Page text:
What Will Music Look Like This Year? 3 Predictions for 2017
Olivia here. Whilst I don’t profess to have a crystal ball with which I can predict the year ahead in music, I have given a few educated guesses about what could happen in 2017. Read on to see if you agree!
1.Music will become increasingly political
It’s a no brainer that, given the political climate of the past year, that musicians will respond to events like Donald Trump’s election and Brexit with a renewed sense of anger and injustice. It’s not as though music wasn’t political last year however, and whilst protest songs are often associated with folk and punk music, it was RnB and hip hop that took centre stage in 2016. The series of killings that sparked the Black Lives Matter movement saw more black artists (particularly in the US) releasing music that reflected the black experience – with trailblazers like Kendrick Lamar demonstrating that experimental and political music can still have a huge commercial appeal. This gave the cue for even more established pop artists such as Beyoncé to release increasingly political music concerned with the experience of black women in particular. Expect more in 2017 as Donald Trump takes office in 10 days.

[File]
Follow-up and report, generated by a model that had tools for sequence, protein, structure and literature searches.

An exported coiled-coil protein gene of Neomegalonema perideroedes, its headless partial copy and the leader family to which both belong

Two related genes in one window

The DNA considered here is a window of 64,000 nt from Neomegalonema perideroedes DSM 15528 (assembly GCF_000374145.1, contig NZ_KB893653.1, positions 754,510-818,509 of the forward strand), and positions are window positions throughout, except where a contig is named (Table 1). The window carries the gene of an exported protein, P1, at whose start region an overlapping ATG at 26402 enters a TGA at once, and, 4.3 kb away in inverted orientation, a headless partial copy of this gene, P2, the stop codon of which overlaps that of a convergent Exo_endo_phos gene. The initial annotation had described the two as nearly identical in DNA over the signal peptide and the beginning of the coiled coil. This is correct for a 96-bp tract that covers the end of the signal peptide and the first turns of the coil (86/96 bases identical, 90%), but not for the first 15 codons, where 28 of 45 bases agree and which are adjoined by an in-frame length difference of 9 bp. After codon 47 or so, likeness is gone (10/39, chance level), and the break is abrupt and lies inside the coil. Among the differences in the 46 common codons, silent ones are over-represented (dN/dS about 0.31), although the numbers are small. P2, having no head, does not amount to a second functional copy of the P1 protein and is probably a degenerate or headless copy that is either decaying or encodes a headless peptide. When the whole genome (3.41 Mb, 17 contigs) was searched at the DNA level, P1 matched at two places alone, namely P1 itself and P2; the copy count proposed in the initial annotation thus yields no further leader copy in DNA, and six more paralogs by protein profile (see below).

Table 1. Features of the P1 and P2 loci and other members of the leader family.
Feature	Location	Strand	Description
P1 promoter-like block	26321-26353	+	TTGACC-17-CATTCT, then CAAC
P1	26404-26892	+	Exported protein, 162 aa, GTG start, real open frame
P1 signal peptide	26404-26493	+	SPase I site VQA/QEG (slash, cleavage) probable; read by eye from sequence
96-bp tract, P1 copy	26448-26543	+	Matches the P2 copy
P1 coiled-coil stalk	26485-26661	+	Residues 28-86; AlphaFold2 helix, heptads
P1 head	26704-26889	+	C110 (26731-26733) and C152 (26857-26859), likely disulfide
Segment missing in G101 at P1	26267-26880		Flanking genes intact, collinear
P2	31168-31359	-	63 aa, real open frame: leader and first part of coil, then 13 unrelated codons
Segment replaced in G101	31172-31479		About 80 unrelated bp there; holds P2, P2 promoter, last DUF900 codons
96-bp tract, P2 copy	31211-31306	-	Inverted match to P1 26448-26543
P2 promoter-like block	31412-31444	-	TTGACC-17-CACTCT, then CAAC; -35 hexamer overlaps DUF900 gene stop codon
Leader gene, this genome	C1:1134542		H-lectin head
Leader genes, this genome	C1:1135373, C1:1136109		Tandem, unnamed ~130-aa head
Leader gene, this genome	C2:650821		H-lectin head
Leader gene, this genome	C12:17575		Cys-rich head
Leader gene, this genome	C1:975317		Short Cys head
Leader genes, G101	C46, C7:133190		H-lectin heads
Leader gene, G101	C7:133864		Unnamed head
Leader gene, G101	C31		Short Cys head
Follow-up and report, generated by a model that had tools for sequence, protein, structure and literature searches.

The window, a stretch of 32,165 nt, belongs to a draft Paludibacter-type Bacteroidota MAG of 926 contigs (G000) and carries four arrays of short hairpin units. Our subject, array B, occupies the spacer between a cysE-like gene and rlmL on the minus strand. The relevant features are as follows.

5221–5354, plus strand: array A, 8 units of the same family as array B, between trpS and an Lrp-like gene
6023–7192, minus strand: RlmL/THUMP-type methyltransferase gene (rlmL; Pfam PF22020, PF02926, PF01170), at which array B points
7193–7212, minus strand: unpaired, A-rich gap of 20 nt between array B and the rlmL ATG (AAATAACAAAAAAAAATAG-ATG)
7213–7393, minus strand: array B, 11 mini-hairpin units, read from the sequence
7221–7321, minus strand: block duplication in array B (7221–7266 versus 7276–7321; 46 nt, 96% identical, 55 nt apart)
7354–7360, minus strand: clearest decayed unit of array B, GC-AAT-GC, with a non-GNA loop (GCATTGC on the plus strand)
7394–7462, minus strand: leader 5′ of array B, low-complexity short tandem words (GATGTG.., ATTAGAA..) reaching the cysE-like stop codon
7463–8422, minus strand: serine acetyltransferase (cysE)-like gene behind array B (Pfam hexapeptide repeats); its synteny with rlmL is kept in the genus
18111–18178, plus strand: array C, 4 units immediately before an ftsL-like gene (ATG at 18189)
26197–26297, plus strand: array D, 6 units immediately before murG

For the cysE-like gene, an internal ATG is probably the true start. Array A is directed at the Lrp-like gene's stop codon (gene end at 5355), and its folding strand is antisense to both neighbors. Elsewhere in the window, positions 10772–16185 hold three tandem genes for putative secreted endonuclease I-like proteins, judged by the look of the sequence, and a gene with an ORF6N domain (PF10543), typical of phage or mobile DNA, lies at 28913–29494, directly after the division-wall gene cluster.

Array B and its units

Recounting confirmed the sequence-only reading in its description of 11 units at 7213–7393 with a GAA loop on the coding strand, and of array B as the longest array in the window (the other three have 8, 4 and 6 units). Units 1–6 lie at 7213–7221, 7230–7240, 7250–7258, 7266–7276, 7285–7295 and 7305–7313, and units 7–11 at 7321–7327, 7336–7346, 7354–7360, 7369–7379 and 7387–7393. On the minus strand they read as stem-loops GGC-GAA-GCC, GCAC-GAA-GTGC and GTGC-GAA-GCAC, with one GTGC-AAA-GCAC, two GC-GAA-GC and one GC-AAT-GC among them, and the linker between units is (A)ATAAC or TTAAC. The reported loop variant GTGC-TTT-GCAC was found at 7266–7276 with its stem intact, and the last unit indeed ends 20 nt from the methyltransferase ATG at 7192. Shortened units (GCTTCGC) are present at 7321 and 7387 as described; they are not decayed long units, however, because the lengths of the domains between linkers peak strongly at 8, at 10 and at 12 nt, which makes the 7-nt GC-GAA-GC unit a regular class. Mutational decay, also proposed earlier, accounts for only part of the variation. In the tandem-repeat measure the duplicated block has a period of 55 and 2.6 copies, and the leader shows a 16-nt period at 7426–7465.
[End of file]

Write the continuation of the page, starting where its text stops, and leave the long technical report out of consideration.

2. Grime will continue it’s meteoric rise
Grime has been around for ages. What’s new, is that those artists who were around in its first wave in the noughties are now at the top of their game creatively; artists like Skepta and Stormzy are now household names. As BBC Extra’s Charlie Sloth suggests, the scene has now moved from its London home and is fast becoming an international phenomenon, with scenes emerging in Australia, Japan, and Germany.
3. More women in electronic music
Once a male dominated field, 2016 saw more and more women gaining recognition for their work in electronic music and DJing, such as Anja Schneider and The Black Madonna. Of course, electronic music has always been home to female pioneers such as Delia Derbyshire of the BBC’s Radiophonic Workshop and Clara Rockmore of theremin fame, however, 2016 saw these pioneering women enter the spotlight, as well as non gender binary and trans musicians like Anohni. Expect (or hope) to see the end of electronic bro culture this year.
Let’s hope these all come true!